Arts > Hanging out the family washing

06 October 2016 | by Mark Lawson

Hanging out the family washing


The relentlessly autobiographical author Philip Roth proposed the view that “when a writer comes into a family, the family dies”. The murder, Roth meant, came from the writer’s need to see memories and secrets as material.

Roth, though, would get a shorter sentence from the court of autobiographical intrusion  than the writer-comedian (and declared admirer of the Jewish-American novelist) David Baddiel, who, in an unsettlingly funny and completely original solo show, tests the idea and ethics of family memoir to their limits.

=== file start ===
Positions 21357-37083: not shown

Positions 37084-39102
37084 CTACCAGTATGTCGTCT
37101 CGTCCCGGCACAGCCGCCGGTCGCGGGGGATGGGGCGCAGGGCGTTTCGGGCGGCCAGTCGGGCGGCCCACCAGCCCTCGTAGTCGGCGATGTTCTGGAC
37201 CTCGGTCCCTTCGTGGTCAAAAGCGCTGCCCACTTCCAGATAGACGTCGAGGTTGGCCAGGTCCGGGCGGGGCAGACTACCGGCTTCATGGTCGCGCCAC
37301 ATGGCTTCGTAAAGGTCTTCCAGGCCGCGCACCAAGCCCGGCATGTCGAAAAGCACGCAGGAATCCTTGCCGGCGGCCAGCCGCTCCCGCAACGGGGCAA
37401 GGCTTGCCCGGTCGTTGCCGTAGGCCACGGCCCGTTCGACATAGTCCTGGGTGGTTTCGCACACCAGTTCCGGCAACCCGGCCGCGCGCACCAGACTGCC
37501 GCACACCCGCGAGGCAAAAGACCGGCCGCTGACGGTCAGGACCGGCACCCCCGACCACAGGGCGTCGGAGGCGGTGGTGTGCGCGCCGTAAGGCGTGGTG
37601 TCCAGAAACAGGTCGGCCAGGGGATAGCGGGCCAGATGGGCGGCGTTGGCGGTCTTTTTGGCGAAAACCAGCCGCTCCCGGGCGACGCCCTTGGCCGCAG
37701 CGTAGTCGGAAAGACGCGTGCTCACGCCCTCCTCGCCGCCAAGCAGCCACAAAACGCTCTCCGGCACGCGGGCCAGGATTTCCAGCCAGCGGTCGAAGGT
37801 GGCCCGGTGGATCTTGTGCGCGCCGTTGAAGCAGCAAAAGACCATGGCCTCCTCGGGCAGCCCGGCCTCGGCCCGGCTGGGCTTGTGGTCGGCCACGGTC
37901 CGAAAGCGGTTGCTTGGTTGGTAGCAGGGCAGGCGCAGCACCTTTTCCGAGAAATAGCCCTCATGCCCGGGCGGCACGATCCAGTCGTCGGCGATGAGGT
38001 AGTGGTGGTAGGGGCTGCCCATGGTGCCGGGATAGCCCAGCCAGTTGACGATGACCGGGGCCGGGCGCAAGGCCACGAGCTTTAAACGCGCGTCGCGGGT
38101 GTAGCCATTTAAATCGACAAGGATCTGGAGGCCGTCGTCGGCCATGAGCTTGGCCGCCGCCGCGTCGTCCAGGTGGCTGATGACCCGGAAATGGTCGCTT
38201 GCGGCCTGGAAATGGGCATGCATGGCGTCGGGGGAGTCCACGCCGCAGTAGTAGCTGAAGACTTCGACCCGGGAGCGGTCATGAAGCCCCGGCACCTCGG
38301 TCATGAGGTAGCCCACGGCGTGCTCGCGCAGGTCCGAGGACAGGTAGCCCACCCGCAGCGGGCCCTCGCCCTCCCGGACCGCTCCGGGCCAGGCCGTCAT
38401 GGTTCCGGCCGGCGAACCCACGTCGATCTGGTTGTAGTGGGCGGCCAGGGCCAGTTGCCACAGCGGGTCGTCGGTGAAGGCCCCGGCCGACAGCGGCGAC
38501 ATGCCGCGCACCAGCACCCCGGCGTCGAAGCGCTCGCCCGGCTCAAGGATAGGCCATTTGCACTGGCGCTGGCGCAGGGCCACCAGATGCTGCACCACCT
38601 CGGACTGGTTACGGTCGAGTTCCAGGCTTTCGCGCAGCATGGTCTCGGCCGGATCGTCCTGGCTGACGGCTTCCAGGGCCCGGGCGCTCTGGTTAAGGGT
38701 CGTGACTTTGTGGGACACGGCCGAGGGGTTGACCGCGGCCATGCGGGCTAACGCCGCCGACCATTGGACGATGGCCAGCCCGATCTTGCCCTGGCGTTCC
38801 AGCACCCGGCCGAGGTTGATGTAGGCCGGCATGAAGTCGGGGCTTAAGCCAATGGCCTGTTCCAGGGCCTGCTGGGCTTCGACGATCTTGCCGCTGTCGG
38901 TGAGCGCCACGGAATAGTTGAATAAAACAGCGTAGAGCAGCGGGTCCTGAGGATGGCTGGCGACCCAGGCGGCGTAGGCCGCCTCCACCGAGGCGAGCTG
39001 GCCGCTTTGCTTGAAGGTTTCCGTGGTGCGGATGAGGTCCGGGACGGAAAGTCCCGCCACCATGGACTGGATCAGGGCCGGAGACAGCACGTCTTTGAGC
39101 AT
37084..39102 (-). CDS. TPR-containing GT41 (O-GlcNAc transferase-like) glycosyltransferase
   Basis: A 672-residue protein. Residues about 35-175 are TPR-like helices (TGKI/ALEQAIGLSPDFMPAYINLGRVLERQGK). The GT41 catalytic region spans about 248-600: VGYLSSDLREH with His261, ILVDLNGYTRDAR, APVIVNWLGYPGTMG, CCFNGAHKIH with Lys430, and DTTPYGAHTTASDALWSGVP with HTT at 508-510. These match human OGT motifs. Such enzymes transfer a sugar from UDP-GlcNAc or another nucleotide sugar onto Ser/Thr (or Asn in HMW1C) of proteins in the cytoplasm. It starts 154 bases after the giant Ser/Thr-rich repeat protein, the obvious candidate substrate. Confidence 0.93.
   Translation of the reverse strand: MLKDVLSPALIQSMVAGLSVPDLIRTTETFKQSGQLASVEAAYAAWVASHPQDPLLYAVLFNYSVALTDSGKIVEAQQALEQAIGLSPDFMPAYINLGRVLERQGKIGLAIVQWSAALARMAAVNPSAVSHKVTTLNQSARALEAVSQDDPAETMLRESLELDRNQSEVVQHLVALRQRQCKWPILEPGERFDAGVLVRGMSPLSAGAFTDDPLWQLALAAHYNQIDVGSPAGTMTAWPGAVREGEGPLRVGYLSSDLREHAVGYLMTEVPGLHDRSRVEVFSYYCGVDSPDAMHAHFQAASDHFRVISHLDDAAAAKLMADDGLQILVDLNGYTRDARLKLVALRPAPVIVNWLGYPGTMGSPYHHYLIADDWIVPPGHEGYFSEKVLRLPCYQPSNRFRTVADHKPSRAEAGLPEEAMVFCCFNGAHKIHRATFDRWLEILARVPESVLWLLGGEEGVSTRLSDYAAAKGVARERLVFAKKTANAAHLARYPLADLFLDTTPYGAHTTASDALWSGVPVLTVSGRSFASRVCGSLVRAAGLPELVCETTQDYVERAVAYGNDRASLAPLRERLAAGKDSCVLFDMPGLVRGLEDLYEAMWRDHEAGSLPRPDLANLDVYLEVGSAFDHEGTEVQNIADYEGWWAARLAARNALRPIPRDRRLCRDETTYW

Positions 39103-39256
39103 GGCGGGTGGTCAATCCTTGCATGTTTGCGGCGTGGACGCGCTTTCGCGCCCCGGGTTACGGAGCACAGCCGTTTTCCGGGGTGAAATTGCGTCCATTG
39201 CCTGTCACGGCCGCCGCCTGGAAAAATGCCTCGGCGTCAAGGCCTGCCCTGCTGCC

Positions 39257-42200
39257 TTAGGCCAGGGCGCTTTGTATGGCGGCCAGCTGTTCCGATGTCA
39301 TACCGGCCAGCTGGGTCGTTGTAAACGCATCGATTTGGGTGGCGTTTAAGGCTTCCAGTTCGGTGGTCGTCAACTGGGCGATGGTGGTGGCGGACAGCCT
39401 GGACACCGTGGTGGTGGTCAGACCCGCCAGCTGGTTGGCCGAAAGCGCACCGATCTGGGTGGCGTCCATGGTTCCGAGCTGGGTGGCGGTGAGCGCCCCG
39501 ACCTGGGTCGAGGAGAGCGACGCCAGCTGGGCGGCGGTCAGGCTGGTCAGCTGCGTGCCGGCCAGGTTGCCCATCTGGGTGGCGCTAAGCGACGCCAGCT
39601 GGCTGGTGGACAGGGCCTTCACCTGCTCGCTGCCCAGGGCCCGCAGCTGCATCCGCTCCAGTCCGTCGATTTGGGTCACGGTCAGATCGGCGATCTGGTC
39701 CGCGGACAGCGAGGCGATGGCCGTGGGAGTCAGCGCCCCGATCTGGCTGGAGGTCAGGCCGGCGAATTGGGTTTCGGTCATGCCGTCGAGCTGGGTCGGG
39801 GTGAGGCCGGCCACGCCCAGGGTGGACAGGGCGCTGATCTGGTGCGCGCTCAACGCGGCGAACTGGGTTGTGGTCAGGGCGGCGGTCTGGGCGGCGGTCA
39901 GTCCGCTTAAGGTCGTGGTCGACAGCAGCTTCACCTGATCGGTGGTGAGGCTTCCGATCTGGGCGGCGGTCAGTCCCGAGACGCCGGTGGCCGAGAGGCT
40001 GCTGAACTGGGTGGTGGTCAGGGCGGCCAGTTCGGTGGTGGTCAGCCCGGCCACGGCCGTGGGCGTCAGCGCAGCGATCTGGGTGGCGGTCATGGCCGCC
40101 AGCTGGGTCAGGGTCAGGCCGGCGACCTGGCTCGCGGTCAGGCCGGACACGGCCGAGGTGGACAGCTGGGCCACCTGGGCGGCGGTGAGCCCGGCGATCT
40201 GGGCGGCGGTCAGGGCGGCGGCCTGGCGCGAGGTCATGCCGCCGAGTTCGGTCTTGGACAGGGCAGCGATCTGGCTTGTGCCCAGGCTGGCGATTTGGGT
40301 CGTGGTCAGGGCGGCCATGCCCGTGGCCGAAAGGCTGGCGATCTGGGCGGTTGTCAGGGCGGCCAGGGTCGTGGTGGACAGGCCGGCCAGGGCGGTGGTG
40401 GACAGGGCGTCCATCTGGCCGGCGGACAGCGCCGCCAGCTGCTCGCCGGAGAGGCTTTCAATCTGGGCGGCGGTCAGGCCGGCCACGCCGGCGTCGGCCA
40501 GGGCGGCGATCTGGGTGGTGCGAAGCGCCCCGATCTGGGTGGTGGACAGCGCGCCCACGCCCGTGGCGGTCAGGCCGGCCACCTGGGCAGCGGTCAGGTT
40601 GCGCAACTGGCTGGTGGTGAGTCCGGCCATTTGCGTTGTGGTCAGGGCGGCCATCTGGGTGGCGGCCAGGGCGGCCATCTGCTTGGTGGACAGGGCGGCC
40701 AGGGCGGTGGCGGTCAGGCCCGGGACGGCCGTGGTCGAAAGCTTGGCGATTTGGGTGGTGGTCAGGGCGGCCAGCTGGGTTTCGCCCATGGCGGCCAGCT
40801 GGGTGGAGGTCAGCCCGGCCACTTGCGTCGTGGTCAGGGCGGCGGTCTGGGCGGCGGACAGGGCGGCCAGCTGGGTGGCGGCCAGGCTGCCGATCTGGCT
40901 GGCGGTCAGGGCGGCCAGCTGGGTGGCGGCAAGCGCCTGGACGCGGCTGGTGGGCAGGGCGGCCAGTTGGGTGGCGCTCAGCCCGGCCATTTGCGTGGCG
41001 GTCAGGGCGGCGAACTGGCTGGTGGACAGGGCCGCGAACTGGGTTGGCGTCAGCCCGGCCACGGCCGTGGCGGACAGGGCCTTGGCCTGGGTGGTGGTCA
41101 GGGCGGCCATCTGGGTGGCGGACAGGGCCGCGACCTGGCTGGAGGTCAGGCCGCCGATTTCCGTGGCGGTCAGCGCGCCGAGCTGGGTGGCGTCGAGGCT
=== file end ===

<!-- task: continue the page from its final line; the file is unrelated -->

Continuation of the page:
The back wall of the stage is filled with family photographs, including recognisable images of the young Baddiel, but with two empty frames, into which, as the lights go down, are projected images of the performer’s parents: his mother, Sarah, who died suddenly in late December 2014, and his father, Colin, who is alive but so deep in Pick’s disease, a neuro­degenerative condition, that he needs 24-hour care and does not understand that he is the subject of a theatre production.


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